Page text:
So, I keep talking of friends and intimacy -- what's the defining characeristic of those? Knowing each other -- or to make alice happy -- having an understanding of each other's personalities. How does this normally come about? Hanging out, chatting, shared projects, etc

Now, as long as we are gradual in creating understanding of each other, things may go wrong, but I am not worried. There are dangers inherent in everything, no big. Our knowledge of the person, and of how not to hurt the person, will grow together. The second being pretty much totally inexplicit.

But the point is, what if we attempted to create lots of intimacy -- to share lots of personal knowledge -- discontinuously. What if we just met some random person, and started pouring our heart out, giving up all sorts of details? What will happen?

We'll end up with someone, making lots of mistakes, and not knowing what to say to us, and not really understanding us, but with access to our most sensitive spots. We'll be frustrated with criticism useless to us; and hurt by others that shouldn't have been said; and not hear useful ones because person misjudges which to say. We'll hear suggestions we've tried; suggestions that offend us; suggestions that are exactly wrong. And all sorts of things will be misunderstood. And what for? To what end? No good one.

Getting along well, must evolve.

Elliot Temple | Permalink | Comments (2)
On an airplane, when the flight attendants ask people to sit down, they do. And they turn off their electronic equipment. And they ring the call button to provide change for a twenty. and no one hits each other. some ppl seem to think Saddam in power is peace, and it just means whether any states are fighting other states; I'd rather apply da word to a airplane flight. or to US society.

And when the plane stops, everyone on the isle rows gets up, and gets their stuff, and then the people in the front get off, and row by row everyone gets off. This goes rather smoothly, lozza consent, even tho it means the ppl in back have to wait a while 4 everyone in front of 'em to leave.

A revolutionary might look at this and go: "Wait, wait, I have a better idea!! Everyone on the isle, get up, grab your bags, and walk out. No one cut in front of these people and stop to get a bag from overheard, just let them walk out quickly. People in back of the line can come out cause they won't be in the way. This will be more efficient." (note this means front window seats leave last, not near first)

But truth is, trying to change the order, would be more trouble than it's worth, cause lots of chaos, make a big mess, and be totally not efficient. Me no like revolutionaries. they don't understand that traditions and evolution don't like big discontinuous jumps.

from another angle, when ya wanna persuade someone, ya gotta provide both a better view and a way to get to it, not just a better view. telling an anti-semite to be moral, without tons of details on how and why and such, just won't work.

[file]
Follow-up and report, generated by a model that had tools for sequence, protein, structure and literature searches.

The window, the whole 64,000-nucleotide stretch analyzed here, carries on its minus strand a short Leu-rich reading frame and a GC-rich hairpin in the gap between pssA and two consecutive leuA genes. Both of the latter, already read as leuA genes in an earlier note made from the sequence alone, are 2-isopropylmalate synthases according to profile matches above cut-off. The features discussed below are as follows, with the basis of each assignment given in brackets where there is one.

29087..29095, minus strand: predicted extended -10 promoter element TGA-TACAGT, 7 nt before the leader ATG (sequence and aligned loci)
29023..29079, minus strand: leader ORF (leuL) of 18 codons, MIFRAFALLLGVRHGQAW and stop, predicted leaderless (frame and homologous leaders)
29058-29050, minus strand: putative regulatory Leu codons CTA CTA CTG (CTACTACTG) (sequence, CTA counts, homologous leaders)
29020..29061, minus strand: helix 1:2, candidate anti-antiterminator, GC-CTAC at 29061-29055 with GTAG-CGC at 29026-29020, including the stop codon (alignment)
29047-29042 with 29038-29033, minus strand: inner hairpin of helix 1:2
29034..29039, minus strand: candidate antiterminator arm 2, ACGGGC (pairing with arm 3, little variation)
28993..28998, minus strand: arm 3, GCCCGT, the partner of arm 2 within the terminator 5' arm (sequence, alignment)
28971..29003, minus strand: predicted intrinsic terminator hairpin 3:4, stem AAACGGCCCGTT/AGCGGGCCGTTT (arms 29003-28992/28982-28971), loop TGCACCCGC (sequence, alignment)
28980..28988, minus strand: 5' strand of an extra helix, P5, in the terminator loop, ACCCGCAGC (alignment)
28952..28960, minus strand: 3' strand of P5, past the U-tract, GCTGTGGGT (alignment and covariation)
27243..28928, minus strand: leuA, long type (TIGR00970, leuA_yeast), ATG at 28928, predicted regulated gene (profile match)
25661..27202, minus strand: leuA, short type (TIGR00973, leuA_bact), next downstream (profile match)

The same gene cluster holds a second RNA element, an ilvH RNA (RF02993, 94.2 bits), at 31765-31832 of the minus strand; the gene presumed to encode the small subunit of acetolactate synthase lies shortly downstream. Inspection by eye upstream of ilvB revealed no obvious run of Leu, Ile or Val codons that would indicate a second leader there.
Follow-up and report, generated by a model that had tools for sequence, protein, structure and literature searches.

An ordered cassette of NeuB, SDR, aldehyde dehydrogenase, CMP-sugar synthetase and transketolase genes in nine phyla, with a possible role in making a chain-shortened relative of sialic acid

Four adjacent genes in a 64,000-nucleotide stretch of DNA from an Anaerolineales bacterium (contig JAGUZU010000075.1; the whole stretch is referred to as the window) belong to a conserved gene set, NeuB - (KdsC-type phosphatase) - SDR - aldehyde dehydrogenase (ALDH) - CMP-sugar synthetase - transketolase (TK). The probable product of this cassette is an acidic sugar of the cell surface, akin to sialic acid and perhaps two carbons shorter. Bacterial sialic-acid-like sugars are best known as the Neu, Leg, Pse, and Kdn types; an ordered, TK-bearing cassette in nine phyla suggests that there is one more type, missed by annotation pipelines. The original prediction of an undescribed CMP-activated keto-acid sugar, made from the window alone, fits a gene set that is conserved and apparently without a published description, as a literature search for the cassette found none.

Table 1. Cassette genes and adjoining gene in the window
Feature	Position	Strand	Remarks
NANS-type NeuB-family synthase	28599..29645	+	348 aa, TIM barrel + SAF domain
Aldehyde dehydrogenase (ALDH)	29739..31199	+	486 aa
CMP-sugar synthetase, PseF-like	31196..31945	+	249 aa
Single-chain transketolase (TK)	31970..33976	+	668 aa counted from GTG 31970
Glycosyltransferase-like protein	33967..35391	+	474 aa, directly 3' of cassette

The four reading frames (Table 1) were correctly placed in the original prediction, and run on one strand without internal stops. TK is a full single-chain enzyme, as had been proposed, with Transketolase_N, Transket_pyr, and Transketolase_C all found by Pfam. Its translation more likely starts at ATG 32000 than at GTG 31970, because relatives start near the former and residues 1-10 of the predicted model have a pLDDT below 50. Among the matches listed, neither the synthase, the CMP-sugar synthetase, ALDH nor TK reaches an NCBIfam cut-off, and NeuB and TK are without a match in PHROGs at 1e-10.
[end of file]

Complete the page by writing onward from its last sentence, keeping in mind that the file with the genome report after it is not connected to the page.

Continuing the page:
Elliot Temple | Permalink | Comments (0)
I tried to post this to the TCS list, but it was rejected. -sigh- Anyway, enjoy:

The better you know someone, and the better they know you, the more intimate things it is safe to tell them. Which meshes amazingly well with a gradual approach to relationships, and extremely poorly with any sort of discontinuous jump.

By the way, this is important to parents who've messed up in the past, and now have an older child but little relationship. "Come tell me all about you, so we can catch up," would be just the wrong thing to say.

Elliot Temple | Permalink | Comments (5)
On the [email protected] list I just noticed an email where someone had written that we should have waited until Saddam used a nuke on Israel, or even on the US (though she didnt like *that* possibility nearly as much), wherever he chose, so that we would have a stronger case for war.

And then someone wrote back to agree.

I have now unsubscribed...

It's especially telling that even these idiots realise Saddam's goal was to make nukes and kill good people.

Elliot Temple | Permalink | Comments (0)
I hadn't been to The Onion for a while. My memory said it was a good site. But I just went and it was covered in idiotarian crap. Now I'm sad v_v

Look here and it's just awful. 9 things on top, all crap. (Down a little is a funny bit....the top reason to oppose war is "I Support My Activist Girlfriend.")

Anyway, the 9 things are:
- claim war being treated like video game
- claim that bombs create terrorists
- claim we are gonna install dictatorship
- claim bush is a chickenhawk
- claim war will piss off the rest of the planet
- claim the pro-war ppl have not answered any anti-war debating poitns
- claim we don't understand the seriousness of war
- claim we're causing too much collateral damage
- claim the US didn't have support any in the UN, and that UN is cool and should be listened to

Damn them. Here's a better site

Elliot Temple | Permalink | Comments (0)